AMSTERDAM/NEW YORK, MAY 24, 2017—While teams from the aid organizations Doctors Without Borders/Médecins Sans Frontières (MSF) and SOS Méditerranée attempted to rescue people from boats in distress in the Mediterranean Sea on May 23, the Libyan coast guard approached the boats, intimidated the passengers and then fired gunshots into the air, threatening people's lives and creating mayhem, MSF said today.
The search and rescue ship Aquarius, which is jointly operated by teams from MSF and SOS Méditerranée, responded to multiple boats in distress after being alerted to their position. Rescue workers first distributed life jackets to the passengers on one boat and brought more than 20 people onboard the Aquarius before they had to provide assistance to another boat which was in a more critical situation.
In the meantime, a Libyan coast guard vessel with mounted weapons approached and personnel boarded one of the distressed boats. This caused mass panic to break out and ended with more than 60 people in the sea.
"When the Libyans pointed their weapons at us, asking us to give them all our money and cell phones and telling us to jump in the water, we did what they said and many of us jumped into the water," said one survivor of the incident. "I was not afraid; I preferred to die at sea rather than being repressed and to die in Libya."
Annemarie Loof, MSF operational manager, gave the following account of the incident:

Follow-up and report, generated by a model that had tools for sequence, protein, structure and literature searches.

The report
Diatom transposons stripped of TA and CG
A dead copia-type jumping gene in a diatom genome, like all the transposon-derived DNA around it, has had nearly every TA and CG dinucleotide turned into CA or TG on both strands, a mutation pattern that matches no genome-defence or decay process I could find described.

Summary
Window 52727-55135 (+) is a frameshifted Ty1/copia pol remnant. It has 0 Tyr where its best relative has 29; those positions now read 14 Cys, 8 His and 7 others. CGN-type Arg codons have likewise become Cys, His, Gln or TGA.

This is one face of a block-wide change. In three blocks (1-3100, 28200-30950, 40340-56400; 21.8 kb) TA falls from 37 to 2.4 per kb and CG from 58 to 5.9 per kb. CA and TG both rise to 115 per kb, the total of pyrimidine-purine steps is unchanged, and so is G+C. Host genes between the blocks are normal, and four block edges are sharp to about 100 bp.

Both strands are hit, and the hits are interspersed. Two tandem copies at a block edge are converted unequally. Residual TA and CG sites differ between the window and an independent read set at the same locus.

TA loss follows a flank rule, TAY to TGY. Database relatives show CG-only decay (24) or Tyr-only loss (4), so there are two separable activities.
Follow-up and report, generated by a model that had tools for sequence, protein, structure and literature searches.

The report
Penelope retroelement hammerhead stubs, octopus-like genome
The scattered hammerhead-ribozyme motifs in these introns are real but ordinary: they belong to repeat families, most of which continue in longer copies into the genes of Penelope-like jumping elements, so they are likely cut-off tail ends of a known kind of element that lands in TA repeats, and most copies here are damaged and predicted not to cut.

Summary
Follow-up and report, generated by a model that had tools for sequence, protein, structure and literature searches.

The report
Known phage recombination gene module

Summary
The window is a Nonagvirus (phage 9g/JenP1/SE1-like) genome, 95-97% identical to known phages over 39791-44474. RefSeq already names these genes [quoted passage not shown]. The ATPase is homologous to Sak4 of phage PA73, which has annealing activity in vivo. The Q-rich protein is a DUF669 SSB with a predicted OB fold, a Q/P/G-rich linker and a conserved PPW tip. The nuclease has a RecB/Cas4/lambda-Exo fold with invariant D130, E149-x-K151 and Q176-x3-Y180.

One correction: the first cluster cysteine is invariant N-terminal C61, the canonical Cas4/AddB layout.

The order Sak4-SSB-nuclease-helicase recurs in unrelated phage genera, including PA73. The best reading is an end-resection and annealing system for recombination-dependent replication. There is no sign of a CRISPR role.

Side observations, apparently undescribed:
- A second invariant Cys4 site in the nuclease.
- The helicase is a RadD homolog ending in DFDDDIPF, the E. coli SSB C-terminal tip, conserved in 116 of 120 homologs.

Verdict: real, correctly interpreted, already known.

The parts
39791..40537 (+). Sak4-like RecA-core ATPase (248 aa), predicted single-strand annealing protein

"Two Libyan coast guards, wearing uniforms and armed, stepped onto one of the rubber boats. They took phones, money and other belongings from the passengers.
"People became panicked and felt threatened. The passengers were terrified from the aggressive conduct of the Libyan coast guards.
"Many passengers—who had luckily already received life jackets before the shooting began—jumped off the boats into the sea in fear. Our teams pulled 67 people out of the water as gunshots were fired in the air. It's a miracle that no one drowned or was injured.
"The Libyan coast guard showed very little regard for the wellbeing of the people in the boats in distress. Their behavior was reckless—if not directly threatening—to the people on the boats.
"Knowing that the Libyan coast guard has been receiving training and support from the European Union makes the incident all the more disturbing. We believe that the Italian and European authorities should not be providing support to the Libyan coastguard, either directly or indirectly. This support is further endangering people's lives.
"Despite the chaos, teams from MSF and SOS Méditerranée were able to safely bring 1,004 people, including a two-week-old baby, on board the Aquarius."